SharePoint Workflow Designer Tips P1

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If you are like me writing complex workflows using SharePoint 2013 Designer, it is so important to take deep breath, and remember that it is not always about just writing some code. It is the whole thing from taking requirements, doing some documentation, and follow general best practices. I will do my best to share with you my personal experience when I got any requirement for a new workflow.

I guess Microsoft did a great job in creating such authoring tool (SharePoint designer). I love the tool and I spend a lot of time working on complex workflows.

Gathering Requirements

Again, it is not only about writing a wonderful code for your workflow. The last thing you should do is start writing workflow code.

One of the most important things to do when you planning a workflow for a process is to identify in a clear way the full requirements and process life-cycle. Do not underestimate this step.

I participated in a process that requires a complex workflow. I scheduled meetings with almost all people participating in the process to take their requirements, and when the workflow went life, I discovered that the security team stopped the workflow to go live because of lack of audit data and there should be clear logs that should be maintained for a year. I had to take their feedback and work with them to generate the log data with all the details they wanted before going live.

Take last feedback before going live

I worked on a workflow once and instead of using (Log To History) workflow action inside the SharePoint designer tool, I used a separate list to maintain the workflow history logs. Nothing fancy at all.

Well, it was like the whole world is against me when we introduced the workflow solution. The auditors are expecting to open the list item, see the workflow history information inside the workflow section inside the list item. When I told them that there is separate list to maintain history log data, I got a lot of change resistance from them. They asked me that they need couple of information to be added to the separate history log list to approve the workflow to go live. Lesson learned in the hard way!

Do not underestimate small changes. I think people are hard-coded to see things the way they are used to. Any small change from your side when planning your workflow solution need to be clearly communicated.

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User experience

When I plan a solution that needs a workflow, I usually design the lists needed, the look and feel, I do some GUI enhancements and customization,  and do some naming standard for all lists and fields.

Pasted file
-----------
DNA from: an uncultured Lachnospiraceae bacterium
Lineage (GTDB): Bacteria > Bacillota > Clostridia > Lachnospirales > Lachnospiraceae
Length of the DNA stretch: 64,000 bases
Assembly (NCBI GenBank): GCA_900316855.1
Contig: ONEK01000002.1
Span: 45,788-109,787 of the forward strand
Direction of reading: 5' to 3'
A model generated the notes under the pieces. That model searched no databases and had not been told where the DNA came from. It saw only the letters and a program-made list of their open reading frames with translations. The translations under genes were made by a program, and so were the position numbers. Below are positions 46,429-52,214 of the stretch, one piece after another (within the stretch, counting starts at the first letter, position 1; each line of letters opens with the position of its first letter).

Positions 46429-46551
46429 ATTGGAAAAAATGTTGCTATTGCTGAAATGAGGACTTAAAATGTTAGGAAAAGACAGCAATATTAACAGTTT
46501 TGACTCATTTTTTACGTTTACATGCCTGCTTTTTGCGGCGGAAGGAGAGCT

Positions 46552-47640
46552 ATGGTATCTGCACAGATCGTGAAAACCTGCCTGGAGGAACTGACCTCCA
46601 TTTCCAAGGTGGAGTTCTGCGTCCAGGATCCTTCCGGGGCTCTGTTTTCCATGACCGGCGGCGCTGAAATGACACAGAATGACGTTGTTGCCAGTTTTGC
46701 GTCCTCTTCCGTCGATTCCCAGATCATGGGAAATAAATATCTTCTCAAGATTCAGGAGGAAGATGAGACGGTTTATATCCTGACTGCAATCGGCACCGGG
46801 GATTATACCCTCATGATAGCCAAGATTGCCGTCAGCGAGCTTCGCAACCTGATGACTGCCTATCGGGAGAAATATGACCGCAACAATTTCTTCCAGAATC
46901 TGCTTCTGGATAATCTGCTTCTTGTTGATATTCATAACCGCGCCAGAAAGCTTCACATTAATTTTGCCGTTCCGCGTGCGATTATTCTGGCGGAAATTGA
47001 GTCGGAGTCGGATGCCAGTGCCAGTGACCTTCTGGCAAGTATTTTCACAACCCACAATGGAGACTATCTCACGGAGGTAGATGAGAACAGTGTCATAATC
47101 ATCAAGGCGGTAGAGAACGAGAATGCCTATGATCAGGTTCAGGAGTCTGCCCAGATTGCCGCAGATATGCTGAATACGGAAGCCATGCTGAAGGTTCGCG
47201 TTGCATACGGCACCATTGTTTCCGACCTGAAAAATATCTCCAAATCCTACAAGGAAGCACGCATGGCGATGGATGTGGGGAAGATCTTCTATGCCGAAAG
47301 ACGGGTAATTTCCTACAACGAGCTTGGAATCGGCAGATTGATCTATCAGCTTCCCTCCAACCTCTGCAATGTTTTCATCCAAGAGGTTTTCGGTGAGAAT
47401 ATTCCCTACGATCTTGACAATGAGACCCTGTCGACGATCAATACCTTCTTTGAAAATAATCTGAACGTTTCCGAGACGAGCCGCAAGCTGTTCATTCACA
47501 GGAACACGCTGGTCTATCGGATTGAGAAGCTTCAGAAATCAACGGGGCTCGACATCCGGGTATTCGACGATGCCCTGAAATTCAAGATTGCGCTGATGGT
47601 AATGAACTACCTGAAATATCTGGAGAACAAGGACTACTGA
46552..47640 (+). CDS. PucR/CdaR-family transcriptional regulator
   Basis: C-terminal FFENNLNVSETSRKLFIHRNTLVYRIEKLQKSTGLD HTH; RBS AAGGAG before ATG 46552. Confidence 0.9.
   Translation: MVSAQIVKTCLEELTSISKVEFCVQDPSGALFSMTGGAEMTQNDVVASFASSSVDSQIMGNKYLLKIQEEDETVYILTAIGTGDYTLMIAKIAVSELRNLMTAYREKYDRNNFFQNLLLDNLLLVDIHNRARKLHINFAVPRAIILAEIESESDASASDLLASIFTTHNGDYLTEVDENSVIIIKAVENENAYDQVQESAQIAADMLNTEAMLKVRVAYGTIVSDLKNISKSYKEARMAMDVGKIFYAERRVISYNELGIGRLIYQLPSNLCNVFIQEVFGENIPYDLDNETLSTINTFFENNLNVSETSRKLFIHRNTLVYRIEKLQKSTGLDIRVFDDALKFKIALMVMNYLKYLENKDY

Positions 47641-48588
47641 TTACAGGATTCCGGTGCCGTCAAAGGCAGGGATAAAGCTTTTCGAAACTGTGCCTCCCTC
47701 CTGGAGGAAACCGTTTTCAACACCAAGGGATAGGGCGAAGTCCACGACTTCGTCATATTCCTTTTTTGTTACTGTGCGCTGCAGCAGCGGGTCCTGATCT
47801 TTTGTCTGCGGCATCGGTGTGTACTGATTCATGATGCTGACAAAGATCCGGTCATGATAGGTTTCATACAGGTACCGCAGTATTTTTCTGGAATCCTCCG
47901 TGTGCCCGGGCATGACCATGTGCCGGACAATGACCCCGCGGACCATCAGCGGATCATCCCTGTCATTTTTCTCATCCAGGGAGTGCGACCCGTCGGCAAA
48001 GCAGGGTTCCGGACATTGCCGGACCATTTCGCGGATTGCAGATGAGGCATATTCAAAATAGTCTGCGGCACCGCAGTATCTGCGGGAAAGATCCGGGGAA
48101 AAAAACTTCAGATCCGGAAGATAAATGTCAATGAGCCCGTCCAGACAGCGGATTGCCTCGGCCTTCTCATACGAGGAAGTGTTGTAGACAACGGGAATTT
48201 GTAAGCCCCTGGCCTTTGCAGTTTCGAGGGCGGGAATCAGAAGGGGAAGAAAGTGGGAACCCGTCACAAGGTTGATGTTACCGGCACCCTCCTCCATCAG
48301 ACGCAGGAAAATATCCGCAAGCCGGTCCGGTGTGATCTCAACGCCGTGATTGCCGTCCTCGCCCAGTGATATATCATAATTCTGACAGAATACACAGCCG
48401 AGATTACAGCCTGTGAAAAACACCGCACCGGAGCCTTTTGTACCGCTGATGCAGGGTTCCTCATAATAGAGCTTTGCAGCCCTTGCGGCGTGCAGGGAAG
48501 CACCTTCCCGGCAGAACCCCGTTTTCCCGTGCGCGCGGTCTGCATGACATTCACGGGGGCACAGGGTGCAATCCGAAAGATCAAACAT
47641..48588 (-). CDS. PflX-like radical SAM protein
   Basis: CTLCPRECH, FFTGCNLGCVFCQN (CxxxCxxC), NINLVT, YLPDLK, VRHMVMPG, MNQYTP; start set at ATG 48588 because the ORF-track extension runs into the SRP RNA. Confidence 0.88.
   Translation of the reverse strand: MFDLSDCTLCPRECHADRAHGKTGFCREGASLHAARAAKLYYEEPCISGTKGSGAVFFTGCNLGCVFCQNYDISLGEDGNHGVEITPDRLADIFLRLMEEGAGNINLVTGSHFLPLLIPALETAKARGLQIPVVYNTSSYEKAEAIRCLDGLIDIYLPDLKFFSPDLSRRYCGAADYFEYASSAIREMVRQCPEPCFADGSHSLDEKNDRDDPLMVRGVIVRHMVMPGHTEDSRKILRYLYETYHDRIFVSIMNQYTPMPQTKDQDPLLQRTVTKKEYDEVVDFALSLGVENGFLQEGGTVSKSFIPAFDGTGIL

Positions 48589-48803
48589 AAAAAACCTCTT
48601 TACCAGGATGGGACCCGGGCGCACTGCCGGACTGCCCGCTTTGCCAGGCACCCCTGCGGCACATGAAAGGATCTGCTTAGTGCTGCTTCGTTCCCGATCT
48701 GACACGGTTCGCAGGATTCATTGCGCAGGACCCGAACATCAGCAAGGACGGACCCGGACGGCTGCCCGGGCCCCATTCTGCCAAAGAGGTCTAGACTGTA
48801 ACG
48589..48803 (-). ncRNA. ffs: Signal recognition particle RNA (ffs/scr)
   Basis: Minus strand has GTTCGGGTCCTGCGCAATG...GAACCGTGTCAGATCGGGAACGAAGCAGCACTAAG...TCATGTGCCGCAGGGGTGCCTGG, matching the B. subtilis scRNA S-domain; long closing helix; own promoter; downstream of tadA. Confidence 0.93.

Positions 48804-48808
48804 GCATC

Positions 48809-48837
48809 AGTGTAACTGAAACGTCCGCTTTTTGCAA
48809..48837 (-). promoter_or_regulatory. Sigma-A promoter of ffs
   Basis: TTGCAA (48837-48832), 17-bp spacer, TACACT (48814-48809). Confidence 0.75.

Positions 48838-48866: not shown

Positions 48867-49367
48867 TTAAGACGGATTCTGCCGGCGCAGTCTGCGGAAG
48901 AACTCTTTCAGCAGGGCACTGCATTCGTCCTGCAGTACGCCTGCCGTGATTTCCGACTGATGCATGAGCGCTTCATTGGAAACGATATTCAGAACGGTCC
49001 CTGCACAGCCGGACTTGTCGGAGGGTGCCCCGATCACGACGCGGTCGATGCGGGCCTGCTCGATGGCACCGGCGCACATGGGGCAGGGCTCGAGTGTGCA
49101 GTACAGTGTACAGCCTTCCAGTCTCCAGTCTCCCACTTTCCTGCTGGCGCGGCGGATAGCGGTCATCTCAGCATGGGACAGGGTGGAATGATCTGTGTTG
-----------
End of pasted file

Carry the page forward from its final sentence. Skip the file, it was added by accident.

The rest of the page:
This becomes tricky when people are already using an old solution, and you came to introduce a new one using SharePoint and its workflow engine.

Always make sure to communicate with your users or people managing the process, all your actions, from list names, fields names, and any customization.

One time I was designing a dashboard for people to see their pending tasks, and I called the web part section (Tasks Waiting Me). The immediate feedback I got that this name is confusing and it should be named (My Pending Tasks). OMG!!!

Even if you are working with a highly educated environment or even IT teams, and you are writing workflows for them, always make sure to early communicate and manage their expectations, and show them detailed draft of what you are planning to do.

Do Not Over Do

If you have simple requirement, just stick to it. Make sure everyone is happy, and start adding enhancements later.

I had a requirement once to do 5 approval workflow cycle with some email notifications. I took this task personally and I challenged my self to do the best workflow experience ever. I started to plan for dashboards, new SharePoint site to host the solution, extensive reports and logs.

When I started to communicate my design for the solution, and instead of getting some credit for my extra work, people start to realize that much more can be done, and they started to request more and more complex requirements that did not exist before. Someone told me “Well, if you can do such dashboard, why not you do a separate dashboard personalized for each user that aggregate data from….. “. That same person added this new dashboard as a new requirement that I should deliver next month. Funny right?

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